In Contention


BERLIN: 3D comes to the arthouse

Posted by Guy Lodge · 12:17 pm · February 14th, 2011

Determined to make up for my rather  feeble start to the Berlinale, I made it to five films on Sunday – and in a shock twist that defied the law of both averages and film festivals, I liked all of them to some extent, and two of them rather more than that. How appropriate that I get to put my poison pen away on Valentine’s Day of all days.

I’ll get to writing about “The Guard” (a scuzzily hilarious Irish cop comedy from John Michael McDonagh, brother of Martin) and Competition entry “Sleeping Sickness” (by some measure the best thing I’ve seen, or am likely to see, here) in a later roundup. The other three, however, demand to be grouped in a single post, just as Berlin programmers were making a point by scheduling them back-to-back: all of them were specialist niche films in 3D, marking the moment at which the technology formally stepped outside the multiplex and into the arthouse.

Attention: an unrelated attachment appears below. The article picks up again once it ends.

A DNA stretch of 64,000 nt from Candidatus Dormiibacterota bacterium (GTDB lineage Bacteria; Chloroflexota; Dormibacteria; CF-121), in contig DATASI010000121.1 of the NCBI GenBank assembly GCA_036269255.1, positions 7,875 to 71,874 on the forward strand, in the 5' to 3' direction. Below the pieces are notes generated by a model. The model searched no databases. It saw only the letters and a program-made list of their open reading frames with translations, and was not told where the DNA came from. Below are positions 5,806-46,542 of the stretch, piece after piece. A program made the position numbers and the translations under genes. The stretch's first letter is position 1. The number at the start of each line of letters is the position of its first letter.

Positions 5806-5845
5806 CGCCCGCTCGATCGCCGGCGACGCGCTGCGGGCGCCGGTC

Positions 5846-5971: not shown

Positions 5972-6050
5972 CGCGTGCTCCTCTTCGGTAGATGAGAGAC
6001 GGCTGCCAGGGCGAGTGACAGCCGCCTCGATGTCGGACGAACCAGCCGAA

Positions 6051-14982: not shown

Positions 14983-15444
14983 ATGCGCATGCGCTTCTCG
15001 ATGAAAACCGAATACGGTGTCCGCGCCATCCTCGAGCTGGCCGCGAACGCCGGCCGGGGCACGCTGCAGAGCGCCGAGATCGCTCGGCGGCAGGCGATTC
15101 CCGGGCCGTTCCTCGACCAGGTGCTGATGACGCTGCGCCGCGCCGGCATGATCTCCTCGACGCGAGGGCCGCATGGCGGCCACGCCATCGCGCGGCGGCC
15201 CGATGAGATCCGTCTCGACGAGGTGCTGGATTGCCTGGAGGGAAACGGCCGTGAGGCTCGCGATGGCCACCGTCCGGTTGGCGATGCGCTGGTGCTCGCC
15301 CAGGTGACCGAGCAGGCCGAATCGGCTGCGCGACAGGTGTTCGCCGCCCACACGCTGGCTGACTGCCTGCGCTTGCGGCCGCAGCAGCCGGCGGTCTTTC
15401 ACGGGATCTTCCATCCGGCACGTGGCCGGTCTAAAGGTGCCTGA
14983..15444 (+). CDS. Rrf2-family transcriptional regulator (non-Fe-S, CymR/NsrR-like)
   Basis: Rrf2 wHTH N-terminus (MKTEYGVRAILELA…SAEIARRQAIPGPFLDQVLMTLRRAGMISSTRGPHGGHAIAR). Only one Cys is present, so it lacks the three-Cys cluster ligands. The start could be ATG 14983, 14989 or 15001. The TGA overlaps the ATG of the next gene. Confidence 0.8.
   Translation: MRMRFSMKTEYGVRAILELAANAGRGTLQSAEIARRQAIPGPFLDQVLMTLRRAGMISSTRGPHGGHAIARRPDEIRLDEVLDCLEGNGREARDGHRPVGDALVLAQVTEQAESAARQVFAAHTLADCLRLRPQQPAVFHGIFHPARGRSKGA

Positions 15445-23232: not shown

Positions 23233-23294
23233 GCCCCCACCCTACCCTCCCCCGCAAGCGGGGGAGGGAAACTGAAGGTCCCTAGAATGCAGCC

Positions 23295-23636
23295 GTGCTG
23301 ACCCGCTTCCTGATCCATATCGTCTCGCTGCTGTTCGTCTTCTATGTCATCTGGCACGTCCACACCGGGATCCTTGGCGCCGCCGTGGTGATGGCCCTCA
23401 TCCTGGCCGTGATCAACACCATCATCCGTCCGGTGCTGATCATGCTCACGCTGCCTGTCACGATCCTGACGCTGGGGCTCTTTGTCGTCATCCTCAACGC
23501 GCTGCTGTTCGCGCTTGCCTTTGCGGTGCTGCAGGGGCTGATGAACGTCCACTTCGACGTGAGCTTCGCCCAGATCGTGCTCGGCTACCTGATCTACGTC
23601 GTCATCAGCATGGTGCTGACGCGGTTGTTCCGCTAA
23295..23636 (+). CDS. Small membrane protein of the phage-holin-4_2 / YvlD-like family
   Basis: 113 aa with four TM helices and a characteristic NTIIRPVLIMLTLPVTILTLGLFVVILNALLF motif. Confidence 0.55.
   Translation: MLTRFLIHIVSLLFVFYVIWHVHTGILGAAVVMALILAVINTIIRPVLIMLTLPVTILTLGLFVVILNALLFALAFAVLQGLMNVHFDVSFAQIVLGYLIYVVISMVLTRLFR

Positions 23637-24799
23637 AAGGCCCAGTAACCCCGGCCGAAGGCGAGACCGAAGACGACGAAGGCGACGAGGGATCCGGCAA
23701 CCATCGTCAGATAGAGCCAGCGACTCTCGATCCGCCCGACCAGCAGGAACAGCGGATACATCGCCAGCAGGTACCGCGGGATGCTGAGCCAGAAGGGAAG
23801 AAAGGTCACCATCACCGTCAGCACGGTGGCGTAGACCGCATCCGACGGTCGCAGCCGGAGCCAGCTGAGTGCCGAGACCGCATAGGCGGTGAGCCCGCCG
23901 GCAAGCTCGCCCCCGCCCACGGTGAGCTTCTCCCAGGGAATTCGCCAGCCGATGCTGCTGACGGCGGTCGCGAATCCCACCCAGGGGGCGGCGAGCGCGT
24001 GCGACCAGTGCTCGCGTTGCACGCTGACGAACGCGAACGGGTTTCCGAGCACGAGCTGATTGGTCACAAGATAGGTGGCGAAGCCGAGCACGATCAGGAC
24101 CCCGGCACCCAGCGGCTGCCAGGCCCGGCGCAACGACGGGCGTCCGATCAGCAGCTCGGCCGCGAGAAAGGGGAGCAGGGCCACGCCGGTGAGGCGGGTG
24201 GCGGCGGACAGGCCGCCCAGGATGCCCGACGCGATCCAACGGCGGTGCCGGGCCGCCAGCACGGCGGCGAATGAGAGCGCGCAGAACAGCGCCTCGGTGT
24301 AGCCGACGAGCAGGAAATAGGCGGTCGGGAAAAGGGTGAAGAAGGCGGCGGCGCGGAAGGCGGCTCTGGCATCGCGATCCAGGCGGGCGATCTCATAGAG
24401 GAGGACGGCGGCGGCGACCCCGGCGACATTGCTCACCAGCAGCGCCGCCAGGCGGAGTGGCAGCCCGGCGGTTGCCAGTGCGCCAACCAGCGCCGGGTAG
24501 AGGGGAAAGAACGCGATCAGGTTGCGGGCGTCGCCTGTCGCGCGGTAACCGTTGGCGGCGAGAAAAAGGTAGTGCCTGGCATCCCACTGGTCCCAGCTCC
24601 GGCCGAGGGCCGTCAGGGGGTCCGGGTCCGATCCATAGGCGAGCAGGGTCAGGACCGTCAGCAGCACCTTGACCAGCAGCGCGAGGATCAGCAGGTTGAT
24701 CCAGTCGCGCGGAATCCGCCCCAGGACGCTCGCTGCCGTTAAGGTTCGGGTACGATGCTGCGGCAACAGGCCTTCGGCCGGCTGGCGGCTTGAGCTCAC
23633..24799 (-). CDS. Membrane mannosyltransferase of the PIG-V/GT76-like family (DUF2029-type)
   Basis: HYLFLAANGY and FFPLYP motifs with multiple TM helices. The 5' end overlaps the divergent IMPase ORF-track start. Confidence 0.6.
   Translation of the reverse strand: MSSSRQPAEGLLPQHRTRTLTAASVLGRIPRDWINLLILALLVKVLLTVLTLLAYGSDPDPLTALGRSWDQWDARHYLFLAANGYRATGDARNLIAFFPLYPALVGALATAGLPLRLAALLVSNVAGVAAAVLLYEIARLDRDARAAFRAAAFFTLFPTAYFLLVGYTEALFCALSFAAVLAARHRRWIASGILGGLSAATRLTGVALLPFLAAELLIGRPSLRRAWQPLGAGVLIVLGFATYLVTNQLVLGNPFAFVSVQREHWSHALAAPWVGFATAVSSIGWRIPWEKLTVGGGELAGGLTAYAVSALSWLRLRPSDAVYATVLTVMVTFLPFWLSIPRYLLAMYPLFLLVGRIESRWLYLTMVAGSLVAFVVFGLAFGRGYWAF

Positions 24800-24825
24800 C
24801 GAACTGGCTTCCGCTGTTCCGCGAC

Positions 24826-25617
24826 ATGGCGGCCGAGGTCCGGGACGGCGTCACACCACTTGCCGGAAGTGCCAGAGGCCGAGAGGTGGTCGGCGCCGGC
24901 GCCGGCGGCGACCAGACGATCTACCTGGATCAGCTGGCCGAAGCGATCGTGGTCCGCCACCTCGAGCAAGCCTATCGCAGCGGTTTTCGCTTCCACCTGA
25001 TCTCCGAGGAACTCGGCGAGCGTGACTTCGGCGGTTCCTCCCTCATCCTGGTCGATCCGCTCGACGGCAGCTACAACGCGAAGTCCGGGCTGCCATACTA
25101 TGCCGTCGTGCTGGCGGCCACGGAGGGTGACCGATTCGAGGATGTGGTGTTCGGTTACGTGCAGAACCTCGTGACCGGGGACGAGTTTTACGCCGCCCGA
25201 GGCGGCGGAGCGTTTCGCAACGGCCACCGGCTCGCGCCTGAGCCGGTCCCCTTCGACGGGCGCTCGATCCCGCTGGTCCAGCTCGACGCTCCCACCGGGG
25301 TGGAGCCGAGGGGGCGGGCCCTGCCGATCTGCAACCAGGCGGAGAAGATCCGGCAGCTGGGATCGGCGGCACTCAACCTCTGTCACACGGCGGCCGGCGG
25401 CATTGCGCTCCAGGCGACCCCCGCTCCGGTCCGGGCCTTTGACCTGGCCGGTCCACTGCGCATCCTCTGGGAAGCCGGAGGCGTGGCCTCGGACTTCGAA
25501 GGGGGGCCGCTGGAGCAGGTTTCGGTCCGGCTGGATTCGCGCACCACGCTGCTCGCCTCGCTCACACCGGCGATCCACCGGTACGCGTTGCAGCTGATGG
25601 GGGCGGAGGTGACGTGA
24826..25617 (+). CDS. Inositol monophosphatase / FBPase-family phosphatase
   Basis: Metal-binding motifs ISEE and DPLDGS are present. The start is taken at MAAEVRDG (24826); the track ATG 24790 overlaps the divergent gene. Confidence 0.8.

When Werner Herzog announced his intention to make his latest documentary in 3D, the howls of anguish from stern cinephiles could only have increased in volume if he’d added that it was actually going to be a Miley Cyrus concert movie. When his compatriot and contemporary Wim Wenders revealed similar plans for his non-narrative tribute to the late choreographer Pina Bausch, there were fewer protests, if only because after his last few features, nobody’s been paying much attention to anything Wenders does these days.